The whole plant with us is in general hairy, hence it does not well accord with Linnaeuss description. It is propagated by seeds, which should be sown on the flower borders in the spring, where the plants are to remain they require no other care than to be thinned and weeded.
28. Passiflora Cerulea Common Passion Flower
The Passion Flower first introduced into this country was the incarnata of Linnaeus, a native of Virginia, and figured by Parkinson in his Paradisus Terrestris, who there styles it the surpassing delight of all flowers the present species, which, from its great beauty and superior hardiness, is now by far the most common, is of more modern introduction, and, though a native of the Brasils, seldom suffers from the severity of our climate, flowering plentifully during most of the summer months, if trained to a wall with a southern aspect, and, in such situations, frequently producing ripe fruit, of the size and form of a large olive, of a pale orange colour.
This most elegant plant may be propagated by seeds, layers, or cuttings, foreign seeds are most to be depended on, they are to be sown in the spring, on a moderate hot bed, and when the plants are grown to the height of two or three inches, they are to be carefully taken up, and each planted in a separate small pot, filled with good loam, then plunged into a moderate hot bed, to forward their taking new root, after which they should be gradually inured to the common air the younger the plants the more shelter they require, and if ever so old or strong, they are in danger from severe frosts. The layers and cuttings are to be treated in the common way, but seedling plants, if they can be obtained, are on many accounts to be preferred.
29. Reseda Odorata Sweet scented Reseda or Mignonette
Mignonette grows naturally in Egypt, it was unknown to the older Botanists, Miller says he received the seeds of it from Dr. Adrian Van Royen, Professor of Botany at Leyden, so that it is rather a modern inhabitant of our gardens.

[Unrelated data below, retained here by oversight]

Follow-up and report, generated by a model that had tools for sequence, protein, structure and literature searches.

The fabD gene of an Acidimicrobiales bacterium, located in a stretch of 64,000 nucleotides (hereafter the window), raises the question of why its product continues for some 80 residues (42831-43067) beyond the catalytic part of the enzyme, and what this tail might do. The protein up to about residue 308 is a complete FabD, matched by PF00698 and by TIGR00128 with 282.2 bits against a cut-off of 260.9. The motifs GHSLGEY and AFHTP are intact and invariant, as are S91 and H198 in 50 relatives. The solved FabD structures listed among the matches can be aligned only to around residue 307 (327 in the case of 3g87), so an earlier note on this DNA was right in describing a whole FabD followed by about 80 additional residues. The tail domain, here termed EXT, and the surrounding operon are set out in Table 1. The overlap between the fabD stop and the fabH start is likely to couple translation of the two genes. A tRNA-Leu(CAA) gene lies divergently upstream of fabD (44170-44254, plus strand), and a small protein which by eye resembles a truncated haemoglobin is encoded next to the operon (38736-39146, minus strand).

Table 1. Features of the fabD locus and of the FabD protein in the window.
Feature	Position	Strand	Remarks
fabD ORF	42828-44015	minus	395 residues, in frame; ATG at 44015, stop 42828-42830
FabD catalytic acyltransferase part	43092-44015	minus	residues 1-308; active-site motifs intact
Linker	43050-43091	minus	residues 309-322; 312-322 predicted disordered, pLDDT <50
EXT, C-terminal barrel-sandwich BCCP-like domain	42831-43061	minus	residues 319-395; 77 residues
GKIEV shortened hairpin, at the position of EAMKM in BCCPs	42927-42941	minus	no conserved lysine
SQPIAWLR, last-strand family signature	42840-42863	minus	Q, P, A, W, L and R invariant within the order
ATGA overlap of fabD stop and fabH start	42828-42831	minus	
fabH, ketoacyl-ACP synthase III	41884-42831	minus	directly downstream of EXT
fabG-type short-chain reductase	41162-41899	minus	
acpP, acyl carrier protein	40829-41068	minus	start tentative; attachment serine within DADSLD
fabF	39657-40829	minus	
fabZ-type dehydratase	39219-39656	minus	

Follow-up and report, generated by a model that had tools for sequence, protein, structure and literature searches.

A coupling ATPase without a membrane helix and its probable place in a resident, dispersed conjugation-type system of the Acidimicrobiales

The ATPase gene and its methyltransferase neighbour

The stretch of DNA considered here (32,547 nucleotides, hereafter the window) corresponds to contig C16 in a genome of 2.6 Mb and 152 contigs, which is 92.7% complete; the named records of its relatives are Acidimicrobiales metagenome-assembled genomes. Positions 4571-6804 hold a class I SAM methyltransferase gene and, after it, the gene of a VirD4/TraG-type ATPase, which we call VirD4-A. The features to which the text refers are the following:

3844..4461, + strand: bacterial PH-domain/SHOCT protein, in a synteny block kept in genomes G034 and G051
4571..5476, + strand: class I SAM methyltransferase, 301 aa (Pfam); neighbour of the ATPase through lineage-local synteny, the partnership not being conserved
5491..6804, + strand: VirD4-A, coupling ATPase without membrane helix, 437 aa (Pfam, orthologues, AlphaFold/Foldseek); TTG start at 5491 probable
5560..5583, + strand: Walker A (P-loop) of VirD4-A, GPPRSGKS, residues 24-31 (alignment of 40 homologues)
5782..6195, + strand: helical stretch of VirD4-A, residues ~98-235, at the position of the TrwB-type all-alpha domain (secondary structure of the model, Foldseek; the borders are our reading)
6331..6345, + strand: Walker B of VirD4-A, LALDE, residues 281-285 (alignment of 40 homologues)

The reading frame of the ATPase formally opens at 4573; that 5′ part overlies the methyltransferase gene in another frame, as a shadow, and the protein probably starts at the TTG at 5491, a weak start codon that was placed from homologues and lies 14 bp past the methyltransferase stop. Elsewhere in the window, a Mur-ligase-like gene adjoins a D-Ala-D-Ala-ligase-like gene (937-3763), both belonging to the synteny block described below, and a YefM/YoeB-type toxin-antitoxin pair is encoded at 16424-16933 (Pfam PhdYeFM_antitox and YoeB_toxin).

The luxury of the pleasure garden is greatly heightened by the delightful odour which this plant diffuses, and as it is most readily cultivated in pots, its fragrance may be conveyed to the parlour of the recluse, or the chamber of the valetudinarian, its perfume, though not so refreshing perhaps as that of the Sweet Briar, is not apt to offend on continuance the most delicate olfactories.
Being an annual it requires to be raised yearly from seed, when once introduced on a warm dry border it will continue to sow itself, and grow very luxuriantly, flowering from June to the commencement of winter, but as it is desirable to have it as early as possible in the spring, the best way is either to sow the seed in pots in autumn, securing them through the winter in frames, or in a greenhouse, or to raise the seeds early on a gentle hot bed, thinning the plants if they require it, so as to have only two or three in a pot.
30. Lilium Chalcedonicum Chalcedonian Lily
This species is best known in the nurseries by the name of the Scarlet Martagon, but as it is not the Martagon of Linnaeus, to avoid confusion it will be most proper to adhere to the name which Linnaeus has given it.
It is a native not only of Persia, but of Hungary, Professor Jacquin, who has figured it in his most excellent Flora Austriaca, describes it as growing betwixt Carniola and Carinthia, and other parts of Hungary, but always on the tops of the largest mountains.
It varies in the number of its flowers, from one to six, and the colour in some is found of a blood red.
Authors differ in their ideas of its smell Jacquin describing it as disagreeble, while Scopoli compares it to that of an orange.
It flowers in June and July, and is propagated by offsets, which it produces pretty freely, and which will grow in almost any soil or situation.
The best time for removing the roots is soon after the leaves are decayed, before they have begun to shoot.